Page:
Racegoers at Galway
©Healy Racing Photos
I brought two friends racing on the Wednesday of Galway. Neither had an interest in racing and only one had been to a race meeting before.
The moment they came through the entrance they were greeted by the sight of scores of people line-dancing as the country and western themed day got into full swing. There was a real party atmosphere about the place, no doubt aided by the fine weather, and straightaway you felt like this was going to be a good day.
There were solid crowds throughout the enclosures with an official attendance figure of 16,634, but there were no queues for drinks, food, betting or toilets. Not surprising I suppose as the track had to cater for almost double that crowd the following day.
My friends had a couple of small wins on the Tote by the time we came to the feature event of the day, the 150th running of the Galway Plate. I had a tip for Snugsborough Benny and advised them to have a five each-way.
Before the race we went down to the parade ring to see the horses. My friends were really struck by how powerful, athletic and beautiful the horses looked, and were intrigued by the blinkers and cheek-pieces and asked questions like children would about everything to do with the animals. It was refreshing to see such enthusiasm.
As the Plate started I pointed out our horse’s colours on the big screen over the weigh-room. Snugsborough Benny was held up at the back of the 22 runners by Denis O’Regan in his orange and white silks.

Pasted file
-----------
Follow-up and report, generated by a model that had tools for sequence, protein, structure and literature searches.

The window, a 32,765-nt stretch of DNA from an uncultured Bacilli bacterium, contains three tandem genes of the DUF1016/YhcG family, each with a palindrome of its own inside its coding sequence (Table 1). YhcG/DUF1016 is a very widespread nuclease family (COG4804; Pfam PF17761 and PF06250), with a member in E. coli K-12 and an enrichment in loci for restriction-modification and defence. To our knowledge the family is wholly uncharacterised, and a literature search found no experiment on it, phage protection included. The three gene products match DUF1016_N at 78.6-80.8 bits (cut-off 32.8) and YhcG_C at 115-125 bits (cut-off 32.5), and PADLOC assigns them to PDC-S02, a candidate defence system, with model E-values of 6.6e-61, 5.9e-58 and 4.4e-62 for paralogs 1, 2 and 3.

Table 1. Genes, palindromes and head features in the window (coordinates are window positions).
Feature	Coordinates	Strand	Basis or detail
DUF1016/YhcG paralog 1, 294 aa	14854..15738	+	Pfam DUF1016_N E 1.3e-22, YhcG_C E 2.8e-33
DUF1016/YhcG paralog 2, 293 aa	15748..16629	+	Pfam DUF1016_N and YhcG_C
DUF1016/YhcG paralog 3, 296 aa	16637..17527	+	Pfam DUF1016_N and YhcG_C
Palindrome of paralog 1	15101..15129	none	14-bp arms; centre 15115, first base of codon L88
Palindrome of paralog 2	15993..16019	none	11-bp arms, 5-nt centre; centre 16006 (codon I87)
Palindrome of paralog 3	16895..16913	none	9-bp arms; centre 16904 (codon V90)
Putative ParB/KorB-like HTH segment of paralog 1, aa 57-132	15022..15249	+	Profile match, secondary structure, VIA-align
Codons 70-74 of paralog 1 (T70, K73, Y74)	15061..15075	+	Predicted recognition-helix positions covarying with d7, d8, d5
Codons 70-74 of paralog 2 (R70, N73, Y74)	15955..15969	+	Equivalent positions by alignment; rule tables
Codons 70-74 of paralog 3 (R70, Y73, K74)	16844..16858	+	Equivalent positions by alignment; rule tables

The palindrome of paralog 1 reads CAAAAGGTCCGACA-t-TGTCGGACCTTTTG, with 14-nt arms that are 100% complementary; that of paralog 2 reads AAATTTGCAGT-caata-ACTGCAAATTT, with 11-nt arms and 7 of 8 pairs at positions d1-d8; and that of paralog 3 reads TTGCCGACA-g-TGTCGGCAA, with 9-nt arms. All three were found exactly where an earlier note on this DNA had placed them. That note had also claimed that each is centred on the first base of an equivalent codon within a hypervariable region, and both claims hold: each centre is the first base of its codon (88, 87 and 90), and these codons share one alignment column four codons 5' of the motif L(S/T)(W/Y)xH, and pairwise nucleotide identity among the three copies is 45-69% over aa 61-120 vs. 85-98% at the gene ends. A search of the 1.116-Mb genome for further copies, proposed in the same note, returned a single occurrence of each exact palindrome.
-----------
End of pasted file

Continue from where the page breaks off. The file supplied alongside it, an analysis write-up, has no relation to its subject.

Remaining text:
We caught a glimpse of the field as they passed the corner of the parade ring to head out on their final circuit and ‘Benny’ was still last.
With three to jump he started to pass a couple and by the time the runners reached the last two fences in the dip he was really beginning to motor. Turning in, as ‘Benny’ came to challenge on the far rail, my friends were jumping up and down with excitement. He briefly vied for the lead with about a furlong to race but it wasn’t to be as Borice finished best to land the spoils.
‘Benny’ finished in the frame so the each-way bet would return another small profit.
They then spotted Michael D and it was selfie time!
Next we headed to the betting ring where I gave a quick explanation of the chief difference between betting with the bookies and the Tote and my friends had great fun trying to secure 8/1 about the horse they were backing in the following race. It was mostly 7/1 but two bookies on the main line were 8/1. As they approached one of them the price was cut to 7/1. Then it went to 15/2 with the second.
The pair now ran to the bottom of the ring to find a bookie going 8/1 and arrived back to me as if they had backed a winner, waving their ticket in the air to show they had secured the best price.
The horse didn’t win but it didn’t matter. We were all having fun.